– How much has it contributed to profits?
– What reduction in turnover and wasted materials did the
company get after training?
– How much has productivity increased and by how much
have costs been reduced?
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Criterion 4: Results, or Return on Investment
(ROI) (cont.)
• Return on Investment

Viewing training in terms of the extent to which it
provides knowledge and skills that create a
competitive advantage and a culture that is ready for
continuous change.

ROI = Results/Training Costs
– If the ROI ratio is >1, the benefits of the training
exceed the cost of the program
– If the ROI ratio is <1, the costs of the training
exceed the benefits.
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Criterion 4: Results (cont.)
• Benchmarking

The process of measuring one’s own services and
practices against the recognized leaders in order to
identify areas for improvement.
– Training activity: How much training is occurring?
– Training results: Do training and development achieve
their goals?
– Training efficiency: Are resources utilized in the pursuit
of this mission?
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Criterion 4: Results (cont.)
• Deming’s Benchmarking Model
1.
Plan: conduct a self-audit to identify areas for
benchmarking.
2.
Do: collect data about activities.
3.
Check: Analyze data.
4.
Act: Establish goals, implement changes, monitor
progress, and redefine benchmarks.
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Benchmarking HR Training
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Additional Training and Development Programs
Organization-wide training programs
Orientation training
Basic skills training
Team and cross-training
Diversity training
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Additional Training and Development Programs
• Orientation

A formal process of familiarizing new employees with
the organization, their jobs, and their work units.

Benefits:
1.
2.
3.
4.
5.
6.
Lower turnover
Increased productivity
Improved employee morale
Lower recruiting and training costs
Facilitation of learning
Reduction of the new employee’s anxiety
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Checklist for Orienting New Employees
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copied,
scanned,scanned,
or duplicated,
in whole or in
in whole
part, except
useexcept
as
©
2012Cengage
Cengage
Learning.
All Rights
Reserved.
May
be copied,
or duplicated,
or in for
part,
for use as
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distributed
withwith
a certain
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or otherwise
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58 of 66
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Additional Training and Development Programs
• Onboarding

The process of systematically socializing new
employees to help them get “on board” with an
organization. Onboarding goes beyond just orienting
new employees to their new environments. It brings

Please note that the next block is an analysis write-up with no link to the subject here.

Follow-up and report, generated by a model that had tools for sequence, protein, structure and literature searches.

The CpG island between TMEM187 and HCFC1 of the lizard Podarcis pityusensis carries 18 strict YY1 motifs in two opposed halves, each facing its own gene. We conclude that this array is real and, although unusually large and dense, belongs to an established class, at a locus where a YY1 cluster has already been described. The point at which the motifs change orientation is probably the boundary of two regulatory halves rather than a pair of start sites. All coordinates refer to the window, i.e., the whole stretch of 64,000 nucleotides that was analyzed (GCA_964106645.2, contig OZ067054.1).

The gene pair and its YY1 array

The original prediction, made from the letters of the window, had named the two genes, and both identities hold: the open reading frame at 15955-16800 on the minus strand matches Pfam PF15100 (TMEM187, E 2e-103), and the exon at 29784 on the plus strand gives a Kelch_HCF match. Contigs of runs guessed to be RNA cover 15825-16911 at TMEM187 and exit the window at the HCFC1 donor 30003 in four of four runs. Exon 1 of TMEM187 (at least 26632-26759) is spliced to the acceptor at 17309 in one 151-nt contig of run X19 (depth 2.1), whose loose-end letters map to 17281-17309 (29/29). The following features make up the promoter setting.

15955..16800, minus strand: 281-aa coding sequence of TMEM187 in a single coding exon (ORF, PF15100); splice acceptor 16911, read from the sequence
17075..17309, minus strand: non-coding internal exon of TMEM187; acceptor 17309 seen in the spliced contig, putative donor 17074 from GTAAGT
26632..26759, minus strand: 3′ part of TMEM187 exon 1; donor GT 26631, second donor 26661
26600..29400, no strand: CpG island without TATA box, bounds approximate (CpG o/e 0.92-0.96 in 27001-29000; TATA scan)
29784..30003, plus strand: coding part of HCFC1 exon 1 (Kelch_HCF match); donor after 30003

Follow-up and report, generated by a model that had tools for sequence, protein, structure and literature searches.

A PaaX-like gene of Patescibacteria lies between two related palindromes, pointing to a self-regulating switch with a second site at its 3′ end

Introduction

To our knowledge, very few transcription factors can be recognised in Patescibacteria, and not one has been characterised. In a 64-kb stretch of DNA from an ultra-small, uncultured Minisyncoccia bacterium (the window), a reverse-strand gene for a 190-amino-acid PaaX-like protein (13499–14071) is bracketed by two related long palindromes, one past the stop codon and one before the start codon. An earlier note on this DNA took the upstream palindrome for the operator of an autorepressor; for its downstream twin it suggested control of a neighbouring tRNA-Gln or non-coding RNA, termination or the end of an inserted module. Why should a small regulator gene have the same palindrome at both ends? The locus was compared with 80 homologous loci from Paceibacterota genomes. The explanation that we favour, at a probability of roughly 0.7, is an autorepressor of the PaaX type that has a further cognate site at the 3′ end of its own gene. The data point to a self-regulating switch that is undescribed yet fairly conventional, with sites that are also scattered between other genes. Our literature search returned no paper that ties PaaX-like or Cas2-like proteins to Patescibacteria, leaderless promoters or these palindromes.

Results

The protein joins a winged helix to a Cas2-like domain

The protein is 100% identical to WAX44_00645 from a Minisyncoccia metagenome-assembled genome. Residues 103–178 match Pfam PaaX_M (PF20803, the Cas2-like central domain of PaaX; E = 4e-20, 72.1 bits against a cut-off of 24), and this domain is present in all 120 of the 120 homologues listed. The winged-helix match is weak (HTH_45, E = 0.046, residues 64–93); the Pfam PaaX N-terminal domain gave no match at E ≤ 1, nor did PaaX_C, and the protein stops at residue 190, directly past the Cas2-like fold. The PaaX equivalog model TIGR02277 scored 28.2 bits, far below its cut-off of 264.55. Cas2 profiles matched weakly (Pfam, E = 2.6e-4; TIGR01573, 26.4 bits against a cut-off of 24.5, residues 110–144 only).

them into the organization’s fold so that they truly feel
as if they are a part of it. This is important because
new hires are at a high risk of quitting.
© 2012
Learning.
All Rights
Reserved.
May not
be not
copied,
scanned,scanned,
or duplicated,
in whole or in
in whole
part, except
useexcept
as
©
2012Cengage
Cengage
Learning.
All Rights
Reserved.
May
be copied,
or duplicated,
or in for
part,
for use as
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distributed
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a certain
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or otherwise
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36
Additional Training and Development Programs
• Basic Skills Training

Basic skills have become essential occupational
qualifications, having profound implications for product
quality, customer service, internal efficiency, and
workplace and environmental safety.
• Typical basic skills:

Reading, writing, computing, speaking, listening,
problem solving, managing oneself, knowing how to
learn, working as part of a team, leading others.
© 2012
Learning.
All Rights
Reserved.
May not
be not
copied,
scanned,scanned,
or duplicated,
in whole or in
in whole
part, except
useexcept
as
©
2012Cengage
Cengage
Learning.
All Rights
Reserved.
May
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or in for
part,
for use as
permitted
distributed
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a certain
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36
Additional Training and Development Programs
• To implement a successful program in basic
and remedial skills:





Explain to employees why and how the training
will help them in their jobs.
Relate the training to the employees’ goals.
Respect and consider participant experiences,
and use these as a resource.
Use a task-centered or problem-centered approach
so that participants “learn by doing.”
Give feedback on progress toward meeting
learning objectives.
© 2012
Learning.
All Rights
Reserved.
May not
be not
copied,
scanned,scanned,
or duplicated,
in whole or in